The Latest Decalogue
“The First Decalogue” is of course the Ten Commandments, which can be found in Exodus 20.2-17 and Deuteronomy 5.6-21 as revealed to Moses on Mount Sinai. They are a set of biblical principles covering ethics and worship.
Jesus summarises them, in Matthew 27.37-40, in the two Great Commandments;
“Thou shalt love the Lord thy God with all thy heart, and with all thy soul, and with all thy mind. This is the first and great commandment. And the second is like unto it, Thou shalt love thy neighbour as thyself. On these two commandments hang all the law and the prophets.”
The author of “The Latest Decalogue” was Arthur Hugh Clough, a Victorian poet and close friend of Florence Nightingale. He was not a prolific poet and died at the relatively young age of 42 in 1861.
There are two slightly different versions of this poem; one is held at Harvard University and the other at the British Museum, which is the one reproduced below.
It is of course a parody, written with the intention of showing that the “ Bourgeois morality” of Clough’s time was actually irreligious. It satirized the perceived hypocrisy, materialism, selective ethics and self-interest common to all of mankind.
So, it was not written to negate in any way the essence of the “Commandments" but rather to point out that they should be honestly followed. There should be no pious pretence.
But Clough also had a more compassionate view of society in his other poems. For example, in his poem “ Through a Glass Darkly”, where he wrote “Ah yet when all is thought and said, the heart still overrules the head; still what we hope we must believe, and what is given us receive".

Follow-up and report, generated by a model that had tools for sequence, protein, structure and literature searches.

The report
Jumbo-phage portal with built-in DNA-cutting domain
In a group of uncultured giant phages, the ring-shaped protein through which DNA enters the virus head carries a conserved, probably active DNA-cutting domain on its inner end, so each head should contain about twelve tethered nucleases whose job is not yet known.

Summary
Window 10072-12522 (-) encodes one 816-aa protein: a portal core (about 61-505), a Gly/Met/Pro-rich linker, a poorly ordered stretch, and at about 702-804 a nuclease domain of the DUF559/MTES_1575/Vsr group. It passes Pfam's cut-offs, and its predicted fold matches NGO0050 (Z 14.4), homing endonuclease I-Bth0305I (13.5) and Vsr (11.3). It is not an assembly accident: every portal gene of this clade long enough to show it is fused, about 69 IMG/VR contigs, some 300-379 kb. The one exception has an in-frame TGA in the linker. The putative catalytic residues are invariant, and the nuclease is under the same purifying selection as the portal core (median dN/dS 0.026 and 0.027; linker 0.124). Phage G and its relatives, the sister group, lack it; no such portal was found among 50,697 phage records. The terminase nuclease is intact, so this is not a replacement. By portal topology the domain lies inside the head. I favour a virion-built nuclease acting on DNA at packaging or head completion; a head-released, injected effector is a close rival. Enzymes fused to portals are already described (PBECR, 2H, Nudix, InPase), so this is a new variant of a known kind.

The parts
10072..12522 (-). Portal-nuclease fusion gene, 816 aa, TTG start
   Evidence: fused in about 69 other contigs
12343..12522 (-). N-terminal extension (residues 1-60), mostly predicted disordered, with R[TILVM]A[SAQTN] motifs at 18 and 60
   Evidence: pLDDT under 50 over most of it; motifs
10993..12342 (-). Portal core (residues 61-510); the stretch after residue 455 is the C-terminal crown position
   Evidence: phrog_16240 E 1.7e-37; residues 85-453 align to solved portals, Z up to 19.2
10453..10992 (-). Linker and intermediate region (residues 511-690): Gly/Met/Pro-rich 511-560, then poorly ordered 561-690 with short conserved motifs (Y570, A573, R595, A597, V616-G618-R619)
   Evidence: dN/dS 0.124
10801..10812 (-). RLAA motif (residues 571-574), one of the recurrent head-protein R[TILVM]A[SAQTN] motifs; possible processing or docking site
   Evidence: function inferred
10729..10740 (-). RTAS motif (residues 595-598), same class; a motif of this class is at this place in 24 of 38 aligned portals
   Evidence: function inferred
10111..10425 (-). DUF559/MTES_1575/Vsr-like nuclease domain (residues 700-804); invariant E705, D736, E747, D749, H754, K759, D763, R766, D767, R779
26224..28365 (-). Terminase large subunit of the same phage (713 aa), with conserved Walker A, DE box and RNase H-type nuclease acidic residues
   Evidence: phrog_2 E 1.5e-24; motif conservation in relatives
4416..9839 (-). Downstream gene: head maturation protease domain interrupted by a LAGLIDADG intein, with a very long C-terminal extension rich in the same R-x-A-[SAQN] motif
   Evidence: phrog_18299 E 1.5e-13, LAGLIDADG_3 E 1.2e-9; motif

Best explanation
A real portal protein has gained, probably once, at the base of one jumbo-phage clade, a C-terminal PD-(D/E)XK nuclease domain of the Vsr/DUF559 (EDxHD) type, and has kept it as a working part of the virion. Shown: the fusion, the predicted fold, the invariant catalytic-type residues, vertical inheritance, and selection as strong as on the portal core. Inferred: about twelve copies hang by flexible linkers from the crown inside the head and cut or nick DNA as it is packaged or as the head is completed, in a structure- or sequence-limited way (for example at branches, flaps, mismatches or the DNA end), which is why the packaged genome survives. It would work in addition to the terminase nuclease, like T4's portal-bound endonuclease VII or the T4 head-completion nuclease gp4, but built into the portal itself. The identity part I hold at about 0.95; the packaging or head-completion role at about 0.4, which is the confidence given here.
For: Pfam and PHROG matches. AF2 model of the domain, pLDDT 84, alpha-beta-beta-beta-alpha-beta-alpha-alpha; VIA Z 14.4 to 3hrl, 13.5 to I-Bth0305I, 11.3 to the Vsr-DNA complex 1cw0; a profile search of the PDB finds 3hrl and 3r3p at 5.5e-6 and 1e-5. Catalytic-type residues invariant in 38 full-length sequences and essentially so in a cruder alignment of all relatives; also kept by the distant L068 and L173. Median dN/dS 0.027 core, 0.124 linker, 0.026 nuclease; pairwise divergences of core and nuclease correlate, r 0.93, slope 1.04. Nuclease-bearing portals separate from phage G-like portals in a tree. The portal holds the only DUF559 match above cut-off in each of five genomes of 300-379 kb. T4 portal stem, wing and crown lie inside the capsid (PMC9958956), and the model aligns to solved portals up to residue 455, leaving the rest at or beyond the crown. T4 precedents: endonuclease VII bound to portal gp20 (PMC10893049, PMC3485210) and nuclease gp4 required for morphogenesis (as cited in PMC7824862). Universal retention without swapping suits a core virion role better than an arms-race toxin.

The Latest Decalogue*
Thou shalt have one God only; who
Would tax himself to worship two?
God's image nowhere shalt thou see,
Save haply in the currency:
Swear not at all; since for thy curse
Thine enemy is not the worse:
At church on Sunday to attend
Will help to keep the world thy friend:
Honour thy parents; that is, all
From whom promotion may befall:
Thou shalt not kill; but need’st not strive
Officiously to keep alive:
Adultery it is not fit
Or safe, for women, to commit:
Thou shalt not steal; an empty feat,
When 'tis so lucrative to cheat:
False witness not to bear be strict;
And cautious, ere you contradict.
Thou shalt not covet; but tradition
Sanctions the keenest competition.
The sum of all is, thou shalt love,
If anybody, God above:
At any rate shall never labour
More than thyself to love thy neighbour.
As we read this today, perhaps we should hold in mind the original context, and also use it to examine our view of the “Commandments” and how honest we are in applying them in this century?
Hopefully it will also bring a wry smile to your face!
* The New Oxford Book of English Verse, Chosen & Edited by Helen Gardner, OUP Oxford 1972/ Reprint 1987
Submitted by Roger Verrall - April 28, 2021